noisily and sweltering. A few of my classmates not me or Paulette, though
were a bit whiffy from half a day in the same clothes. We waited for Miss Halai to arrive
and let us in. A couple of minutes later, she bounced along the corridor, looking cool in
an ice-green sari that swished under her sparkling lab coat. She carried her papers and a
clutch of test tubes, and her single plait, which usually hung neatly down her back well
past her waist, swung from side to side behind her. She smiled as she came up to us and
passed the contents of her hands to Gary Burton, fished in her pocket for the key and
unlocked the door. We streamed in and the wave of heat from the classroom scraped our
Rah, miss, said Gary. Its too
hot in here to work.
Ennit too hot in here to work, Dalton? Dalton
Rah, Dalton, you let me down, man, moaned
Miss Halai told us to open some windows.We obeyed,
tussling with stiff old levers on the lower windows and pulleys to open the ones high up.
We breathed exaggerated sighs of relief as cooler air flowed in from outside. Miss Halai
started the lesson and the class took the shape it usually did with her: the ones who
wanted to learn in a huddle at the front; those not interested at the back, doing their
own thing, so long as they kept the noise down and didnt disturb the rest of us. The
ones at the back were a few of the black boys in the class Gary Burton and his crew
and the two white girls, Susan Wingate and Patsy Rowe, who mostly bunked off to go
and smoke cigarettes. No black girls or any of the Indian kids went to the back. Our
parents would have killed us if it came up in our reports. Sometimes, the boys at the back
fooled around, touching up the white girls and we could hear them squeal and go Stop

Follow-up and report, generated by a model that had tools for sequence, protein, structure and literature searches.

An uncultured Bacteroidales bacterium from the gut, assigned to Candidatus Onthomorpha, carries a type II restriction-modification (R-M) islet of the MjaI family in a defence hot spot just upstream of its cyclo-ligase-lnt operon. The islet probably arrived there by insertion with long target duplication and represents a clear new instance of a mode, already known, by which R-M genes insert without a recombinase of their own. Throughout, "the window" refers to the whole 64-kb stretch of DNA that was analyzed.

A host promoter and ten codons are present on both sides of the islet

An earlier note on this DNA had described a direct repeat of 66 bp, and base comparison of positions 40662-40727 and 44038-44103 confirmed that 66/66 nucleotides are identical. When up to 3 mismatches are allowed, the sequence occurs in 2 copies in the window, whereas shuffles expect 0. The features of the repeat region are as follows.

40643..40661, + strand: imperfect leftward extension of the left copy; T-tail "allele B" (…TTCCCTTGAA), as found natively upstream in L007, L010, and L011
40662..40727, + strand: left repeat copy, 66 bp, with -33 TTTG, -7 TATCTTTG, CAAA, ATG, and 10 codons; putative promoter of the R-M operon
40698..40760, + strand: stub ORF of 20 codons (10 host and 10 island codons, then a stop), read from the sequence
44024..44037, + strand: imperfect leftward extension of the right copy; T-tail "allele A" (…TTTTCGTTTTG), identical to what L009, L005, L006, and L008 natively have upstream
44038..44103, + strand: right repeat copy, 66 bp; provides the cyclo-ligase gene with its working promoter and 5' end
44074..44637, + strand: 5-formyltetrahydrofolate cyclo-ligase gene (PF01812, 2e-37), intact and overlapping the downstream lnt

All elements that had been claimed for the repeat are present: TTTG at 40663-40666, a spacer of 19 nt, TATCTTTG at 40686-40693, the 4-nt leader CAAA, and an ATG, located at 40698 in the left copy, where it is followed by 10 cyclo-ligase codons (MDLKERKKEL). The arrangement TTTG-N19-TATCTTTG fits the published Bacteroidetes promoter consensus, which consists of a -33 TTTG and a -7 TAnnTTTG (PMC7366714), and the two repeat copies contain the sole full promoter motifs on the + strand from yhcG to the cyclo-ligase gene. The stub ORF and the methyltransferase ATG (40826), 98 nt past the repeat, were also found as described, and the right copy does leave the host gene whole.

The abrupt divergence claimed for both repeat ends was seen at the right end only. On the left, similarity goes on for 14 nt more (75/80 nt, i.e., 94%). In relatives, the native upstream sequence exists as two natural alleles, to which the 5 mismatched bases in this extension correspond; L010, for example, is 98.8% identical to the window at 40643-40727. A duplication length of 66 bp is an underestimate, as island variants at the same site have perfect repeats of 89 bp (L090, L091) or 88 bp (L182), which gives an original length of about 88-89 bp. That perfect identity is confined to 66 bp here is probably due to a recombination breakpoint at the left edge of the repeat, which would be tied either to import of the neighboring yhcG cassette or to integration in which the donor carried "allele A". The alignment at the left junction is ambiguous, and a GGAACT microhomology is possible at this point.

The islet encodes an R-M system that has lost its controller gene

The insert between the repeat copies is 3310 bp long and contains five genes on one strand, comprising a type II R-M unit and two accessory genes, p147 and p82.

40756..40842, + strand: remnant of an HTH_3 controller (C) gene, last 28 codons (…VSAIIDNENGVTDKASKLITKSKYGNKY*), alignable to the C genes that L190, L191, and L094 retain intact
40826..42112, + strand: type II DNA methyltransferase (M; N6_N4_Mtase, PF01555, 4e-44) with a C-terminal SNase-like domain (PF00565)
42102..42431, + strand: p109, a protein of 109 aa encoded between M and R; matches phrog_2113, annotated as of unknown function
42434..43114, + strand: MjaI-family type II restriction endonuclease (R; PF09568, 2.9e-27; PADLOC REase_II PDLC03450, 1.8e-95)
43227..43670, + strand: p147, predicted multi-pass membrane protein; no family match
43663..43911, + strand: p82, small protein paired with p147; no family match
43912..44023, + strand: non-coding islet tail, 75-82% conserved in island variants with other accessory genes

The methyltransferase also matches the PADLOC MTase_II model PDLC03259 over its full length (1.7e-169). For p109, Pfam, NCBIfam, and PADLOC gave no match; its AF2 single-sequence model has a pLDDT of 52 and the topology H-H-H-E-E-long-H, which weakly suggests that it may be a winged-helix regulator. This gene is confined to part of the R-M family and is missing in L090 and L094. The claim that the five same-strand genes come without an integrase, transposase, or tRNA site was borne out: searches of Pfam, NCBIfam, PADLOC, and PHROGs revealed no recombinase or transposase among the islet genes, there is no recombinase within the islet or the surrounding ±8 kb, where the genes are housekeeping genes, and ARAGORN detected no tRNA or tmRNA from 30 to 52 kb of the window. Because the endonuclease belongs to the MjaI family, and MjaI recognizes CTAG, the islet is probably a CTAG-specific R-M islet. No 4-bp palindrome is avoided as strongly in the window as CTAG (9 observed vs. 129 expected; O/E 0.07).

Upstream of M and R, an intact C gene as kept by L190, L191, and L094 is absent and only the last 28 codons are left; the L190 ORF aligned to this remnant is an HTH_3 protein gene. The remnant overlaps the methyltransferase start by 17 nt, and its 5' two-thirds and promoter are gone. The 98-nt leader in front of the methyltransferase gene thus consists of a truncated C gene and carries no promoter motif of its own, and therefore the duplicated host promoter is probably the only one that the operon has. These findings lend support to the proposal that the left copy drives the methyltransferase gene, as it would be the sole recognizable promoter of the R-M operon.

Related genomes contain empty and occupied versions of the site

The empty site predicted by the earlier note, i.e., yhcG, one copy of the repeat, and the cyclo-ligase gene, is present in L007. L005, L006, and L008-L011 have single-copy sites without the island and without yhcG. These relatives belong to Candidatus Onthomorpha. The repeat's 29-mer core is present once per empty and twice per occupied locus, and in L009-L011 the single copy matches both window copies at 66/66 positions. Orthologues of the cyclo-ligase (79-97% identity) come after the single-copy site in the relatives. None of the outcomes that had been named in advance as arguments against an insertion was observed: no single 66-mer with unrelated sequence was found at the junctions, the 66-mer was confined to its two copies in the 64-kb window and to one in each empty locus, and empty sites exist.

it, stop it - never sounding like they meant it. That was the only time Miss Halai
would intervene. Mostly, though, they played cards.
I never went to the back. Once or twice Paulette did
but never for the whole class. She wouldnt dare. She said it was because she
was just curious to know what they got up to. But I knew she went off when she didnt
understand the work Miss Halai set. Paulette was like me that way, not wanting to ask for
help. But instead of giving up like her, I sneaked a look at what somebody else was doing
to give me some pointers. That always worked for me.
Miss Halai was showing us some phosphorus, which was
knobbly and purplish-black and stored in a test tube with water because she said it was
combustible. She took a pair of tongs and picked out the phosphorus, when suddenly it
slipped and fell to the floor. It whooshed into a small flame and we all went Wow!
Miss Halai had to stamp on it to put the fire out and afterwards, there was a burn mark on
the wooden floor where it fell. She checked the sole of her shoe for damage.
Well, class, that just goes to show how
dangerous She didnt get to finish her sentence, because from the back
of the class, Susan Wingate screamed and went,
Christ! Gary! Miss Halai pushed a path
through our huddle and we all turned to see what was going on. Susans summer dress
was up round her belly and Gary Burton had his hand stuffed inside her knickers. Before he
realised that everyone was looking at him, he said, Rah, Dalton, I can feel all her
pussy juices! His voice sounding almost as if he wanted to cry.
The news spread like wildfire. Gary was suspended on the spot. Susan was
sent home in a taxi with a note to her mum. They said that she might want to press charges
for sexual assault. But the real talk was about how Gary had taken liberties because
hed been with Martini, who let boys do stuff like that, and whatever anyone said
about Susan Wingate and Patsy Rowe, about them bunking and smoking and letting boys feel
up their tits or whatever, they didnt carry on like Martini, so it was Martini who
had corrupted Gary Burton, like she corrupted everybody, and if Gary got into trouble with
the police or if Susan was traumatised for the rest of her life because of what Gary did,
then it was really Martinis fault because she was the ultimate slag-bag, a
leggo-beas who got boys doing nastiness like this.
First thing the next day was when Paulette collared me with a serious